ECB tightening expectations have picked up further. Swaps market is pricing in 100 bp of tightening over the next 12 months, up from 70 bp at the start of last week. Another 70 bp of tightening is priced in over the following 12 months, up from 60 bp at the start of this week. This still seems way too aggressive to us, especially in light of recent weakness in the real sector data. February Spain retail sales came in at 0.9% y/y vs. 1.0% expected and a revised 4.1% (was 4.0%) in January. Germany reports February retail sales Thursday and is expected at 0.5% m/m vs. 1.4% in January, while France reports consumer spending and is expected at 1.1% m/m vs. -1.5% in January. The eurozone-wide measure won’t be reported until April 7.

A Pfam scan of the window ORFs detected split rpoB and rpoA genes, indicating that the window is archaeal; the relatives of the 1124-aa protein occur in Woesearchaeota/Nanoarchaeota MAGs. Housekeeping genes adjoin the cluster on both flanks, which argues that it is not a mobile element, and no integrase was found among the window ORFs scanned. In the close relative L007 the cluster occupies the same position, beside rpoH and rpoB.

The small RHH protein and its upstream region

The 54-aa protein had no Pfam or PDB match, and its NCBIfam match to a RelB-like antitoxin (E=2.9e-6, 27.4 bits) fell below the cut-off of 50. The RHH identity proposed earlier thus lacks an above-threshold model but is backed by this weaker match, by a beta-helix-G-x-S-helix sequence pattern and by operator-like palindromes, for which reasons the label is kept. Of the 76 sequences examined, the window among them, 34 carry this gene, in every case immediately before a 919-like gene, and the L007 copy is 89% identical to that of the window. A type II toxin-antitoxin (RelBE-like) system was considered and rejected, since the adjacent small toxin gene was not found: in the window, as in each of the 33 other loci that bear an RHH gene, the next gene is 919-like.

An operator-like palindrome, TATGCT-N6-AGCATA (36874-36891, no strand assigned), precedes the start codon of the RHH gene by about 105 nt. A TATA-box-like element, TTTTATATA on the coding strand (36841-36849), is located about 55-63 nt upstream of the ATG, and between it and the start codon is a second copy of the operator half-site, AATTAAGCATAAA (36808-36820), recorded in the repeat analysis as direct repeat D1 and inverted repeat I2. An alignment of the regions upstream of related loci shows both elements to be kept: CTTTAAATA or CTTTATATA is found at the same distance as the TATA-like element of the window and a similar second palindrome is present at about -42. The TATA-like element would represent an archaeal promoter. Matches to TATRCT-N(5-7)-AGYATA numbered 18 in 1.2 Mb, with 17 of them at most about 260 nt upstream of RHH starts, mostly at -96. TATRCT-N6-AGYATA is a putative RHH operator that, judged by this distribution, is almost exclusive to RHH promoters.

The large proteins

Governor Bailey acknowledged that the Bank of England softened its guidance on rate hikes this month to reflect the high level of economic uncertainty. At the March 17 decision, the bank said that further tightening of policy “might be” appropriate in the coming months vs. the forward guidance in February, when such a move was seen as “likely.” Bailey said that while it’s been appropriate for the BOE to tighten policy under current circumstances, forward guidance should reflect the current heightened uncertainty. WIRP suggests a hike at the next meeting May 5 is fully priced in, with around 30% odds of a 50 bp move then vs. 50% before Bailey’s comments. Swaps market now sees the policy rate peaking near 2.25% over the next 24 months, down from 2.5% before Bailey’s comments but still up from 2.0% at the start of last week.